The crisis in the fire service is brutally demonstrated in the Saddleworth Moor Fires. A Second set of fires near Bolton has now broken out, and firefighters from across the county are being drafted in. Already depleted fire services have to be diverted from house fires, and workplace fires, in order to contain the wild fires. People may well die.
Stories of arsonists being to blame may be convenient or may be true. Arsonists have always been with us. Firefighters have worked for years with youngsters trying to help young people understand fire. Has this work been cut? Has it been downgraded and delivered by people with less standing in the eyes of the youth? An active firefighter has huge authority with young people.
This might be something different. There could be many motives. We do not yet know. The change is that now the public services can no longer respond effectively. The Fire and Rescue service is a core and crucial service for 21st century life. Response to fire, flood, road accidents and civil emergencies all depend on this service. If it is working well, often there will be little call on it, but it must be there for safety of the population. The service is so badly run, and equipped, that firefighters at Saddleworth Moor have had to ask for public donations of basic supplies, even of drinking water and sun block.
Why has this very basic public service been so badly damaged?
First blame must lie with Government austerity policies. However, the fire and rescue service is controlled at a level above directly-elected councils. Councillors are nominated from different authorities to sit on a combined fire authority. The scale and significance of fire cuts is difficult to grasp and there is no effective scrutiny. The NHS has a small army of anti-cuts experts working away challenging the health cuts but fire service cuts are as yet not so closely monitored. Sadly, councillors charged with this task seem happy to raise their hands for cuts again and again (it would be good to hear from those who have resisted fire cuts). Austerity policies are fundamentally wrong, not just for the hurt inflicted on working class communities, but for the damage to the infrastructure of a modern industrial and urban society.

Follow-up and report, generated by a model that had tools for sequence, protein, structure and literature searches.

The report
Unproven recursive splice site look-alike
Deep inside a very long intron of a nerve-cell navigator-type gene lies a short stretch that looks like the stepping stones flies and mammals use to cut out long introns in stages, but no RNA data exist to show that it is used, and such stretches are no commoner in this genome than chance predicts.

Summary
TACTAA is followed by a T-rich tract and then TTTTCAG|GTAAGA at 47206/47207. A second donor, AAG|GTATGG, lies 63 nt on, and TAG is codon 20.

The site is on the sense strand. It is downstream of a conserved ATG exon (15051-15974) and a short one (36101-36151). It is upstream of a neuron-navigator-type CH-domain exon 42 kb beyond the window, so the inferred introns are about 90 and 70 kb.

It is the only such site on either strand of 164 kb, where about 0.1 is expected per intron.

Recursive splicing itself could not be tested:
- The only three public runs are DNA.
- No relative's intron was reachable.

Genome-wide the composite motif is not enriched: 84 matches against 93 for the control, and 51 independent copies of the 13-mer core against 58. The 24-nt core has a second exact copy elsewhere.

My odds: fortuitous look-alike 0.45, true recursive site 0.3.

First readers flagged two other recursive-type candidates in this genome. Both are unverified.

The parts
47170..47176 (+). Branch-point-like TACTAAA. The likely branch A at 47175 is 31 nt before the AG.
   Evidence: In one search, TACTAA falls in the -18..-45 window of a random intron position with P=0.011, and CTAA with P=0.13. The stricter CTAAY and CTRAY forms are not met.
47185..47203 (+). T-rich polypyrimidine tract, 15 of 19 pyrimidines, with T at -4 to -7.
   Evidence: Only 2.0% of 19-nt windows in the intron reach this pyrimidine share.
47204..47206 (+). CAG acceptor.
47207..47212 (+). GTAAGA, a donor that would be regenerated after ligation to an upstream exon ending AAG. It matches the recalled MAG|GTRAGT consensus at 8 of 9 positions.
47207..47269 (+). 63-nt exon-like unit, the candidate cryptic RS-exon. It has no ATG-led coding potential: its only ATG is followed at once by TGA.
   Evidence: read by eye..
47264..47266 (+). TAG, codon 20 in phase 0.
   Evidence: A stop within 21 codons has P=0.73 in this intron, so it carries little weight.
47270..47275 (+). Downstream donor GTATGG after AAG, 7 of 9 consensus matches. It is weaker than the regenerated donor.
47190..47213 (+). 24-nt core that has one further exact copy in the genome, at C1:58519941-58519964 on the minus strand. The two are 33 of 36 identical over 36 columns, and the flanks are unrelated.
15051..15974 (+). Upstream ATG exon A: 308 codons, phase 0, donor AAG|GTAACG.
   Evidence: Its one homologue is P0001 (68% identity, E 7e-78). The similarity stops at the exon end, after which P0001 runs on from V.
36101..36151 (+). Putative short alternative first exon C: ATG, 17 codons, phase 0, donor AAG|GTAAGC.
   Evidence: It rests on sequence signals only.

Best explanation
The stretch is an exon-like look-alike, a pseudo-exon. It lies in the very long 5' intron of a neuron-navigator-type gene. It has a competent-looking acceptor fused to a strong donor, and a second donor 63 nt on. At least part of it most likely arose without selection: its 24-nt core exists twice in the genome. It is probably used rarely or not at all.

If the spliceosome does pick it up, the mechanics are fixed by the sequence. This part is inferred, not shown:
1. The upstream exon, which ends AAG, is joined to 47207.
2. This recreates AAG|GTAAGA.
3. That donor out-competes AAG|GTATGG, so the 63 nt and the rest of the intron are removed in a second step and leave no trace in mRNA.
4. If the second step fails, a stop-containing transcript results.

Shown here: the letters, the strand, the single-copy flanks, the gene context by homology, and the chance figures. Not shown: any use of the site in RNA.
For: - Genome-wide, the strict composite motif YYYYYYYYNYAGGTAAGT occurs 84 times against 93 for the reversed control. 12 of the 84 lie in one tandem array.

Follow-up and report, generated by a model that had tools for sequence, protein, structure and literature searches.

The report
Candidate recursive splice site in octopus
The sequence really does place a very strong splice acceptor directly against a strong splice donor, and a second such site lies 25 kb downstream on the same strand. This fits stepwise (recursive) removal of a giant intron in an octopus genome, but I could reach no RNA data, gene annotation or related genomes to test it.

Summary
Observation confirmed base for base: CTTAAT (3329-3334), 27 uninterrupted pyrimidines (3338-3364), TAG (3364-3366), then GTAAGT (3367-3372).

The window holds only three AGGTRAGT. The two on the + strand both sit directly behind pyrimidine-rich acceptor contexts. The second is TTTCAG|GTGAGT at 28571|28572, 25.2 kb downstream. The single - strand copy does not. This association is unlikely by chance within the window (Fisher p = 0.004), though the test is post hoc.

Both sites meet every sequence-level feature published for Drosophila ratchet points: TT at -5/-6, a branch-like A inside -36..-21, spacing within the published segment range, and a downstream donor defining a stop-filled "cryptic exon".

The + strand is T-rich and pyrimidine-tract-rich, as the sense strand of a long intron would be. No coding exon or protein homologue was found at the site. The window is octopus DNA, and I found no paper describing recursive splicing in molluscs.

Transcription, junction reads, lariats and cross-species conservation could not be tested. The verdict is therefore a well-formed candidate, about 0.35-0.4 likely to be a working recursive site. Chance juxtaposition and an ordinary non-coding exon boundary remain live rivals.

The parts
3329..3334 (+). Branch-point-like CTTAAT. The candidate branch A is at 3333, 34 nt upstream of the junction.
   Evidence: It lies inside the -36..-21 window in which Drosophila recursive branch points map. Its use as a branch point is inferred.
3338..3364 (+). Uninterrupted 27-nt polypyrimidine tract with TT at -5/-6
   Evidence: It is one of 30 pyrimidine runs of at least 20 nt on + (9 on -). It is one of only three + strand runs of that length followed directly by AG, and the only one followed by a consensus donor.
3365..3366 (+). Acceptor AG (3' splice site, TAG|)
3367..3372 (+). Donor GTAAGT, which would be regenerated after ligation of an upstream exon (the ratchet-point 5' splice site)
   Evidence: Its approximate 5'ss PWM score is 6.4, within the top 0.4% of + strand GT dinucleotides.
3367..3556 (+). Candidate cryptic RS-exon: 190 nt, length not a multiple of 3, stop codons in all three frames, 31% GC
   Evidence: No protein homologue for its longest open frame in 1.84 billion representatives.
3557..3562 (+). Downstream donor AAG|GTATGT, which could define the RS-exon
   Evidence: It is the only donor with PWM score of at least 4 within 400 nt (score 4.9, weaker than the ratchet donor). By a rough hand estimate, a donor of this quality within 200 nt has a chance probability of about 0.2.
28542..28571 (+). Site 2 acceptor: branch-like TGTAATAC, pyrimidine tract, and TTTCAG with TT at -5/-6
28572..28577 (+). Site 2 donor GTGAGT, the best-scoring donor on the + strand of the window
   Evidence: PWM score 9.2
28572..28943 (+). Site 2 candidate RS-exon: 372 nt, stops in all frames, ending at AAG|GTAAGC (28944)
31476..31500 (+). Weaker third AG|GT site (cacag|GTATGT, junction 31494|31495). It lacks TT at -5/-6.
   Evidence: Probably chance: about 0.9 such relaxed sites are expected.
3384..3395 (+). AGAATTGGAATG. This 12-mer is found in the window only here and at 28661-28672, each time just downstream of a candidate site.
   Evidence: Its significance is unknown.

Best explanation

There are various wings in pro-austerity thinking. Some believe that public services per se are unnecessary and should be removed. Others see public services only as an opportunity to leech off government funding provided for public services, to use that funding purely for profit. Some believe that the market produces better outcomes when involved in public services. There is little evidence of this being true. Some believe the cuts have been justified and that services are safe. They are all very wrong.
Others opportunists in capitalist economics follow ‘disaster capitalism’ ideas. They see the huge profits made in the breakdown of services experienced in early post-USSR Russia, and are content to see disasters happen if it gives them the opportunity to make profit from any reconstruction.
We need a fully funded, fully staffed fire and emergency service. We need a government structure capable of responding quickly and effectively to public emergencies like fire and flood. Effective disaster response is always democratic. Economically-poor Cuba survives natural disasters because of a grass roots democratic emergency system, frequently described as the most effective model. The UK, one of the richest counties in the world, cannot rescue people from a blazing block or get water and sunscreen to people fighting wild fires.
Government, nationally and locally, is failing to provide these services for ideological and profit motives. A better world is possible